When I say it, I get a rush of protest proclaiming that not all Christians are like that. I know they aren’t, but we ignore the theocratic Right at our peril.

Prophetic Christians, Phillips writes, often shape their view of politics and the world around signs that charlatan biblical scholars have identified as predictors of the apocalypse—among them a war in Iraq, the Jewish settlement of the whole of biblical Israel, even the rise of terrorism. [Phillips] convincingly demonstrates that the Bush administration has calculatedly reached out to such believers and encouraged them to see the president’s policies as a response to premillennialist thought. He also suggests that the president and other members of his administration may actually believe these things themselves, that religious belief is the basis of policy, not just a tactic for selling it to the public.

I’m afraid the kooks and RaptureReady folks and Left Behind fans and Christian Reconstructionists and Dispensationalists and Bible Belt prudes are the face of American Christianity. Don’t complain to me: it’s the Christians who ought to be deeply, shamefully embarrassed about this…but as usual, I expect they’ll find it easier to complain about those damned godless people who dare to hold up a mirror.

Oh, and evangelicals might want to think about the fact that unbelief is growing faster than any religion (although I suspect the poll results likely reflect a shallow response to the bad rep of Christianity than any fundamental shift in philosophy).

It’s a beautiful day

I slept in this morning, got up, had a bowl of oatmeal and a glass of orange juice, and read about the probability that we’ll go to war with Iran.

I sat down in my easy chair and put my feet up and read that yesterday was the 38th anniversary of My Lai. As long as I’m looking at old atrocities, new atrocities are only a click away.

I sip some coffee while reading about yet more war drums in the distance, and my country’s security plan.

The document [“America’s National Security Strategy”], published yesterday, reasserts the right to pre-emptive strikes as a means of self-defence should the union deem itself liable to devastating attack by weapons of mass destruction. This reflects Washington’s view of Iran as a threat not just to Israel and Iraq, but also to America itself, a perception inadequately understood on this side of the Atlantic.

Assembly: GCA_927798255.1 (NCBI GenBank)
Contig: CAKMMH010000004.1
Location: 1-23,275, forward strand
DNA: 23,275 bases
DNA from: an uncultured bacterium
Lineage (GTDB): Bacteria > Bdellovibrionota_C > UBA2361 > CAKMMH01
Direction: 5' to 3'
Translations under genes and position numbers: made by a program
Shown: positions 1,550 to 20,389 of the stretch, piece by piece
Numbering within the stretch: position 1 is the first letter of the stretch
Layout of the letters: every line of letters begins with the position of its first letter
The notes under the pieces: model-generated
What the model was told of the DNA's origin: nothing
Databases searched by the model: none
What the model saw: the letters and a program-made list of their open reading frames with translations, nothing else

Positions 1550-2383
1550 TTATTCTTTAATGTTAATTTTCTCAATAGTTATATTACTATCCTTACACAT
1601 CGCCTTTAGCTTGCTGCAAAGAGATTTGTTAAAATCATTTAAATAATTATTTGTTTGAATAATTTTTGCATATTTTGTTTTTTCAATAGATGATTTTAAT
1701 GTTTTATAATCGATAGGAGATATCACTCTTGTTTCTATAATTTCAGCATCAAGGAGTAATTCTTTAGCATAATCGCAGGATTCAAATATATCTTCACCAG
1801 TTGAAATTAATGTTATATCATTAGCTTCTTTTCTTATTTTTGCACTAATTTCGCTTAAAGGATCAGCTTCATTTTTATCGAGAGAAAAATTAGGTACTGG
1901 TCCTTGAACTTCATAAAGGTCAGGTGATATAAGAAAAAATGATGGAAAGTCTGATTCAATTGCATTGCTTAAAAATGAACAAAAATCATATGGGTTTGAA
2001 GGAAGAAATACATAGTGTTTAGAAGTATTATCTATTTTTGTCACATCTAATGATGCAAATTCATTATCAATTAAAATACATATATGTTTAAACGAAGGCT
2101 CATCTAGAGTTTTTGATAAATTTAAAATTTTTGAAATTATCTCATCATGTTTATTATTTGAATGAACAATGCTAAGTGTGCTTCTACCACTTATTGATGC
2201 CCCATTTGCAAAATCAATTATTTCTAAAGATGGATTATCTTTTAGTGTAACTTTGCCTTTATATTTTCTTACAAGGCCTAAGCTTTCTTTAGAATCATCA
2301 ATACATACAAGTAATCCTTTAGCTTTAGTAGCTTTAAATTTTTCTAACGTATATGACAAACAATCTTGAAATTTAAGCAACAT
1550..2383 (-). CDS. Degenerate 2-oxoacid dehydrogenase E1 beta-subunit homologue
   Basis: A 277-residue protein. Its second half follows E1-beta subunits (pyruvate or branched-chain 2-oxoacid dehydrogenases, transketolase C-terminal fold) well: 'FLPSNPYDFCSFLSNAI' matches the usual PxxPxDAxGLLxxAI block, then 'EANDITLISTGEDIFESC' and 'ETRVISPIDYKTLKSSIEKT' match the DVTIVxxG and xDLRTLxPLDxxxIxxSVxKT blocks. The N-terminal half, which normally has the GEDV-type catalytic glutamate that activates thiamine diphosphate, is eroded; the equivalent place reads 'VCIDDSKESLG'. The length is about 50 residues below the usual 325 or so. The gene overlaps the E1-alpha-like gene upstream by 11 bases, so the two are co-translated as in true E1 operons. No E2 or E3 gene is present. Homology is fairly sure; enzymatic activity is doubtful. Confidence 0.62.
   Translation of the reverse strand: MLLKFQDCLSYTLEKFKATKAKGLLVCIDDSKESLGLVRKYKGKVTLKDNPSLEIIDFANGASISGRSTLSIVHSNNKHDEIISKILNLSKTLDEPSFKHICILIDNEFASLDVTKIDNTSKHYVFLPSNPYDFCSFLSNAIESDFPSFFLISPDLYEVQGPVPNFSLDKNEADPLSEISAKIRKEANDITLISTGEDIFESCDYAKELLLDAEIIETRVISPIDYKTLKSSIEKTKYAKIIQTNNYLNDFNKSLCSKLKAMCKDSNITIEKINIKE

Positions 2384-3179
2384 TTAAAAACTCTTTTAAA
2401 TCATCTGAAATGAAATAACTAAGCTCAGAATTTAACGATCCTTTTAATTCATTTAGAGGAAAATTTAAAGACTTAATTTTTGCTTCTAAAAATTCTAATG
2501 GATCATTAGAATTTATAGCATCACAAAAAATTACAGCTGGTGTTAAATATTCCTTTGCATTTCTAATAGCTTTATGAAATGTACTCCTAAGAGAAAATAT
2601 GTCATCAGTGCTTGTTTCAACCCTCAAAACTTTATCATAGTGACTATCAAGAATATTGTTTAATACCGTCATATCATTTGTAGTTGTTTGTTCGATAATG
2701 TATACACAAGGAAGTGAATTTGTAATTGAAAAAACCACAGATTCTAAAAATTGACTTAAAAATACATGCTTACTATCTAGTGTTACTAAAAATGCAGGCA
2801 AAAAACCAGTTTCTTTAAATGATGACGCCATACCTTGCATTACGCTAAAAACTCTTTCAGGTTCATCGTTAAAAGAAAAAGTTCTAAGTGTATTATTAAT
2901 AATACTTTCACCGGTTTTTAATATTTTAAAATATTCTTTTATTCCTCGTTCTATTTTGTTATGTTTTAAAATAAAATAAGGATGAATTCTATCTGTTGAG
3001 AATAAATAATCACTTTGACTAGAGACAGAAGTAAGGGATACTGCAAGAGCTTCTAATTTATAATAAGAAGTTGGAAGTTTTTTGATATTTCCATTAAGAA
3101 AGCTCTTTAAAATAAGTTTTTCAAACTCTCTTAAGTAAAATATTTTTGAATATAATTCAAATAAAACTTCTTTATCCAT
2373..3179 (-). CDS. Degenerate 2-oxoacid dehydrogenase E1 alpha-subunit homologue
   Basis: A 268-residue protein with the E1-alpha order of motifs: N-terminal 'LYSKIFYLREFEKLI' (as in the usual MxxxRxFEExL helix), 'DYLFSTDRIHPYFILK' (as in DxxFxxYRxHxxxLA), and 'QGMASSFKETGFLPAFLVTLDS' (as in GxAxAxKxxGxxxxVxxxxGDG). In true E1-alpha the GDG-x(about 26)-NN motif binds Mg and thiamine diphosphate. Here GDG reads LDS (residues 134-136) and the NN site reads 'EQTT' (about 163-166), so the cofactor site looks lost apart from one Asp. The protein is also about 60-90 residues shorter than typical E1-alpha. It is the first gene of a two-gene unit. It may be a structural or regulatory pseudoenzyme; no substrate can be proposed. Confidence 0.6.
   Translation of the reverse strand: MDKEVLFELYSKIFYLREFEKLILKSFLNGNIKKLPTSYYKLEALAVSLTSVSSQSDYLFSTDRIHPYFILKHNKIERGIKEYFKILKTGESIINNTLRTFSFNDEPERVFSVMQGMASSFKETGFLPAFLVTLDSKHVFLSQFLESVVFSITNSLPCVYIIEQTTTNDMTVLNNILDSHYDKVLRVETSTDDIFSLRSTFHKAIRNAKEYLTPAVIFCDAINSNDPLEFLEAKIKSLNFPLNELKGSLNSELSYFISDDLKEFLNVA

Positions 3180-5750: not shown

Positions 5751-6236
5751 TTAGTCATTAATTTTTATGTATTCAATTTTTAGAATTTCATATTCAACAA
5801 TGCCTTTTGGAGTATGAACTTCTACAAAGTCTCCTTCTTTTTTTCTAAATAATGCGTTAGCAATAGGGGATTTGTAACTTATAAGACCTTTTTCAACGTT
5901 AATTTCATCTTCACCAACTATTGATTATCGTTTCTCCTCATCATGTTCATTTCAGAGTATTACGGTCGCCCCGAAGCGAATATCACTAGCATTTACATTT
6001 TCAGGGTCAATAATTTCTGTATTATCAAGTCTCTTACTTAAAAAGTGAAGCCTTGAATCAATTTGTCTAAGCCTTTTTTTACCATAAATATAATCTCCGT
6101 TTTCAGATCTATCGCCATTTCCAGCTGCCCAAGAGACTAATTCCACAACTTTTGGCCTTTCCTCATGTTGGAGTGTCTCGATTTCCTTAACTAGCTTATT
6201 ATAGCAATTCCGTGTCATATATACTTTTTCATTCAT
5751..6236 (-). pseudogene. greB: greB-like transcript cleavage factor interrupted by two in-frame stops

The skies are clear here and the sun is shining, I think I’ll put the computer away and go for a walk, do a little lab work and tidy up my office. No worries here…it’s just another quiet Saturday. We’re going to watch a play this evening.

Say, do you remember—I think it was only a few years ago—when we watched with horror and fascination as our military bombed Baghdad and our tanks rolled across the Iraq? We were assured our smart bombs would make this a clean war that would only help the Iraqi people, and our pundits crowed about our easy victory. I felt rage and pity, I was on the streets with a sign protesting, I wrote to my representatives and complained and cajoled and threatened. I howled in fury at the futile waste of lives and money, the jingoism, the injustice.

So today I’m going for a pleasant walk.

Does anyone care anymore?


This is how the monsters win, you know. They launch horror after horror, and as long as we have our electricity and orange juice and the quiet comforts of our homes, after a while we stop flinching, we just sit benumbed, we tell ourselves, “I’ll rouse myself for the next really big one,” and we remind ourselves that we couldn’t stop the last war, so how can we be expected to stop the next one? We tell ourselves that the democratic way to stop this ongoing nightmare is to elect better leaders at the next election (always the next, it rarely seems to be this one), and then we vote for soft, rotten representatives who, with rare exceptions, simply surrender to the insanity.

So I’m going for a walk.

I’m a monster, too.

The SF fanboy stirs again

More SF indulgence, excuse me: Gary Farber has been reading Heinlein’s rediscovered “first” novel (brief summary: it’s very bad), and Kevin Drum raises the question of correlation between early SF preferences and later political biases, with Heinlein inspiring conservatives and Asimov motivating liberals (Drum says, “Well, I liked ’em both, but I liked Heinlein more and I turned into a liberal.” I’m not touching that straight line.)

I disliked Heinlein’s stuff intensely. It was badly written, with a patronizing tone, and always smugly assumed that his simplistic opinions were absolutely true. Even his juveniles were irritating in that way, but those self-indulgent later doorstops with old men waited on by nubile vixens? Gah.

I also wasn’t a big fan of Asimov. He was OK, but those gimmicky stories didn’t do much for me.

My favorites began with Edgar Rice Burroughs and Jules Verne—I was very old school. As I began to branch out in grade school looking for new stuff, after gagging over Heinlein and being bored by Asimov, I really got into Ray Bradbury. Later I favored a collection of British authors—Brunner, Wyndham, Moorcock—and then Harlan Ellison, Fritz Leiber, anybody who could actually write, a talent that eluded the old guard. Nowadays I lean towards Banks and Mieville.

I don’t know what that says about how my political inclinations were shaped. I think the stronger correlation is with my utter apathy towards engineering, not my politics.